Cleaning the stones at Stanton Drew

BACAS members turned out on Tuesday to help English Heritage Curator, Win Scutt, clean turf and other vegetation from stones at Stanton Drew. The Great Circle, the second largest stone circle in Britain, has 27 known stones, some of which have been disappearing under grass over many years. Removing the covering has exposed just how big some of these partly buried stones are.

Stone 21 in the Great Circle – measuring rod with 20 cm divisions

In total, nine stones were cleaned, of which five had been partially or completely hidden. It has been said that, in the past, stones have been destroyed or buried. For example, William Stukeley wrote in 1723 that a tenant farmer had buried stones for the most part in the ground to get the land back, but he was justly punished because the grass would not grow on them and withered. We were unable to confirm this story – we felt the stones we worked on were too near the surface, and that after three centuries more soil would have accumulated.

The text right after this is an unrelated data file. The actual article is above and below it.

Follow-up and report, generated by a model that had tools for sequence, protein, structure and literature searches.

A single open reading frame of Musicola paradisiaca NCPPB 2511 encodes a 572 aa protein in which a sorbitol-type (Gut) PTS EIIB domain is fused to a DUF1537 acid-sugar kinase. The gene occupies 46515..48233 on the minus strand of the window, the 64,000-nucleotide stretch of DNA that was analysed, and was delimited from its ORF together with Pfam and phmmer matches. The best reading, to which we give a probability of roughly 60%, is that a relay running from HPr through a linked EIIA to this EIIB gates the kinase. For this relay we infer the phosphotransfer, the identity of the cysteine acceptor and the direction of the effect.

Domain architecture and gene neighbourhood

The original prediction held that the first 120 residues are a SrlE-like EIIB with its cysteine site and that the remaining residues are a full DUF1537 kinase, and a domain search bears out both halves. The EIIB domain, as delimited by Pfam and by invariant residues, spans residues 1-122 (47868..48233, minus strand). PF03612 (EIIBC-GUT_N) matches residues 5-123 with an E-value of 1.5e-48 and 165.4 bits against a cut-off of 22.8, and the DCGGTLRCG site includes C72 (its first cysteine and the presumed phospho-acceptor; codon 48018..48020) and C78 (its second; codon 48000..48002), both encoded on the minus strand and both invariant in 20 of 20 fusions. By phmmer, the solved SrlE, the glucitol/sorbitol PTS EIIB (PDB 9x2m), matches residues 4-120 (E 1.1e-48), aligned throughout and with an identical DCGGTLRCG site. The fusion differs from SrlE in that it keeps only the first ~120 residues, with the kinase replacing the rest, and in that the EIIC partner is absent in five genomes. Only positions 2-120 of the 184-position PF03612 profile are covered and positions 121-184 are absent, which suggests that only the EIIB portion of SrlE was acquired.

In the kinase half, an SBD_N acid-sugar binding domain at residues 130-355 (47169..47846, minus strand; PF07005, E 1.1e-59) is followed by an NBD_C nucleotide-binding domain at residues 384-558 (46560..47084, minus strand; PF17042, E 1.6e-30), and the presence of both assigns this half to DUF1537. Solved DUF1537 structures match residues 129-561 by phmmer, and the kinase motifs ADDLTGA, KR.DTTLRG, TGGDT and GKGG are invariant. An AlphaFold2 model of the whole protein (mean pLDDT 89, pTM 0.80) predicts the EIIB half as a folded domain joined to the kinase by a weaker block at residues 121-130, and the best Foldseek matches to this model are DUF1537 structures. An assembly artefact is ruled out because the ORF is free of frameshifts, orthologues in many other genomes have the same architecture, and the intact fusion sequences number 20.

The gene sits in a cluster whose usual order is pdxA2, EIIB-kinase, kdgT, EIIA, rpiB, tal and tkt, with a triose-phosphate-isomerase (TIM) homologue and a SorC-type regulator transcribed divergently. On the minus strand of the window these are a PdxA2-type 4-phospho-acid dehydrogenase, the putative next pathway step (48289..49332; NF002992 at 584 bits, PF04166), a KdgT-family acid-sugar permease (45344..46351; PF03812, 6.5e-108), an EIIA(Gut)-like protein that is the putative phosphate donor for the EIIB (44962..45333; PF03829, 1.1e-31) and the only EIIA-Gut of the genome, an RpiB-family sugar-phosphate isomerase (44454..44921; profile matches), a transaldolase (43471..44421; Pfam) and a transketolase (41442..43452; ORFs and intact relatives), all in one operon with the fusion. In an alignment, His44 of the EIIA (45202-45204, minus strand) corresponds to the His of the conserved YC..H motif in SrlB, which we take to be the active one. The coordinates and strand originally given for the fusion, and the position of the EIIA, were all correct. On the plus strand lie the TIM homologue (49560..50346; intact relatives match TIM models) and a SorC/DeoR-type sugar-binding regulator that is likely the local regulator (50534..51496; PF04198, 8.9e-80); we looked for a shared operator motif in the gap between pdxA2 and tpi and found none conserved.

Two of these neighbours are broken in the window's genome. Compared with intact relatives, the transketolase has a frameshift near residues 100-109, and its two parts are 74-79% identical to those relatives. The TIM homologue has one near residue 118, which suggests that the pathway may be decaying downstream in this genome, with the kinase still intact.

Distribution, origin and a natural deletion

The stone cleaners

Some of these stones have not been visible for years. The adjacent stones, G4 and G5, provided a surprise. G4 was completely invisible and only a small part of G5 could be seen. In fact, G4 was not discovered until 1894, when it was found by Charles Dymond.

Dymond’s plan (1896) shows G4 and G5 with a dotted outline, indicating they were below ground

The stones turned out to be both considerably larger than we expected, about 2 m x 1 m, and composed of Oolitic Limestone of Jurassic Age circa 205–142 million years ago. These rocks are a pale grey-yellow colour. The surface of the blocks resembles a limestone pavement and there are numerous natural cup-shaped depressions and pits that partly fill with water. The stones are so similar and so close ( a couple of metres apart) that it is easy to believe they were placed deliberately as a matching pair.

Stones G4 and G5 in the Great Circle, after cleaning – measuring rod with 20 cm divisions